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Beirut Explosion Situation Report No.1

On 4 August 2020, at approximately 18:00, a warehouse at the Beirut Port containing large quantities of ammonium nitrate exploded. The initial explosion was followed by a much more substantial blast that caused widespread damage, reportedly reaching more than 20 kilometres from the port area. 

As of August 11, latest reports reveal that the death toll has reached 220 with over 7,000 injured and more than 300,000 people left displaced with many showing severe psychological distress. These numbers  are continually expected to rise as more bodies are recovered from the surrounding wreckage, and dozens are still reported missing. The blasts sent shockwaves across the city causing widespread damage extending to the outskirts of Beirut, including several primary and secondary healthcare facilities. The National Primary Health Care (PHC) Network Central Drugs Warehouse was severely damaged, as well as 23 PHC Centers, 4 of which were completely destroyed in addition to 6-10 hospitals.

A report by the World Health Organization (WHO) indicates that more than 80 primary health care centres have been severely damaged. Preliminary assessments show that an estimated 15 hospitals were significantly impacted by the blast and a minimum of three have been rendered partially or fully inoperable. A rapid assessment of 55 primary health care centres found that 37 per cent sustained moderate-to-serious damage. Only 47 per cent of surveyed facilities can still provide full routine health services. Moreover, 120 schools, used by 55,000 Lebanese and non-Lebanese children, sustained various levels of damage. Humanitarian partners are conducting further damage assessments, in close coordination with relevant government authorities.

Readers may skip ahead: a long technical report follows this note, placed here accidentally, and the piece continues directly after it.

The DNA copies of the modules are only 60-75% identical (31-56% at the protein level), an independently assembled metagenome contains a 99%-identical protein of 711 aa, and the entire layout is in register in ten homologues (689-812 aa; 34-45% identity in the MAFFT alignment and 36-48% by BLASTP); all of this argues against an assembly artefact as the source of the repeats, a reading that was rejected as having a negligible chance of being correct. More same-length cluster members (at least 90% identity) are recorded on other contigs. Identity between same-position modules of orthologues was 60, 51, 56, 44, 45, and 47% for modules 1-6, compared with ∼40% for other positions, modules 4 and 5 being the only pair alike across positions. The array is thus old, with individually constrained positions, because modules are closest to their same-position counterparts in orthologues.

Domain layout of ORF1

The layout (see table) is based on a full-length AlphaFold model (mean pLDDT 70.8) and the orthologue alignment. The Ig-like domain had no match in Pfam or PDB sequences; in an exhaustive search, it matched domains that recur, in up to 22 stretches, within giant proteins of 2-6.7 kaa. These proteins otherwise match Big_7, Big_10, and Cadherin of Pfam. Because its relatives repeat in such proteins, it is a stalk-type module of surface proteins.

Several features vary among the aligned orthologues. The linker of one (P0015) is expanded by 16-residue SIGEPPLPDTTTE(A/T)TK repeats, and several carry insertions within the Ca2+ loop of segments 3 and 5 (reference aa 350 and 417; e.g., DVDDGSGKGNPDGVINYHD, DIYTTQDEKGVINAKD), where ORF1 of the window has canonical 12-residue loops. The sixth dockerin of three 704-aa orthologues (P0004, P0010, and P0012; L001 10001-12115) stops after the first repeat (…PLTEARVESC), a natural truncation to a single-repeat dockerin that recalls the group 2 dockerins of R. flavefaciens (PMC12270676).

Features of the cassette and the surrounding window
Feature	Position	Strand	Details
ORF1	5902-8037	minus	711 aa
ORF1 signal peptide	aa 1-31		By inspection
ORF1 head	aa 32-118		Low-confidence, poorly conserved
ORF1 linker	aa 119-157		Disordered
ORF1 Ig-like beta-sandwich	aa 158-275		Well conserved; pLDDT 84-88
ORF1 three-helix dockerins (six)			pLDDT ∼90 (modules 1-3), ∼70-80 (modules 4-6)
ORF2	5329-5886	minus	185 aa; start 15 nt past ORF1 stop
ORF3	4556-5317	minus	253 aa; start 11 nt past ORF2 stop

The Beirut Port, which processes up to 90 per cent of Lebanon’s imports, is expected to remain inoperable for at least one month, pending repairs, debris removal, and safety clearances. Concerns are growing that damage to the Beirut Port will exacerbate food insecurity, which was already growing amid the COVID-19 pandemic and prolonged socio-economic crisis. All trade activities have been redirected to the Tripoli Port, located about 85 kilometres north of Beirut.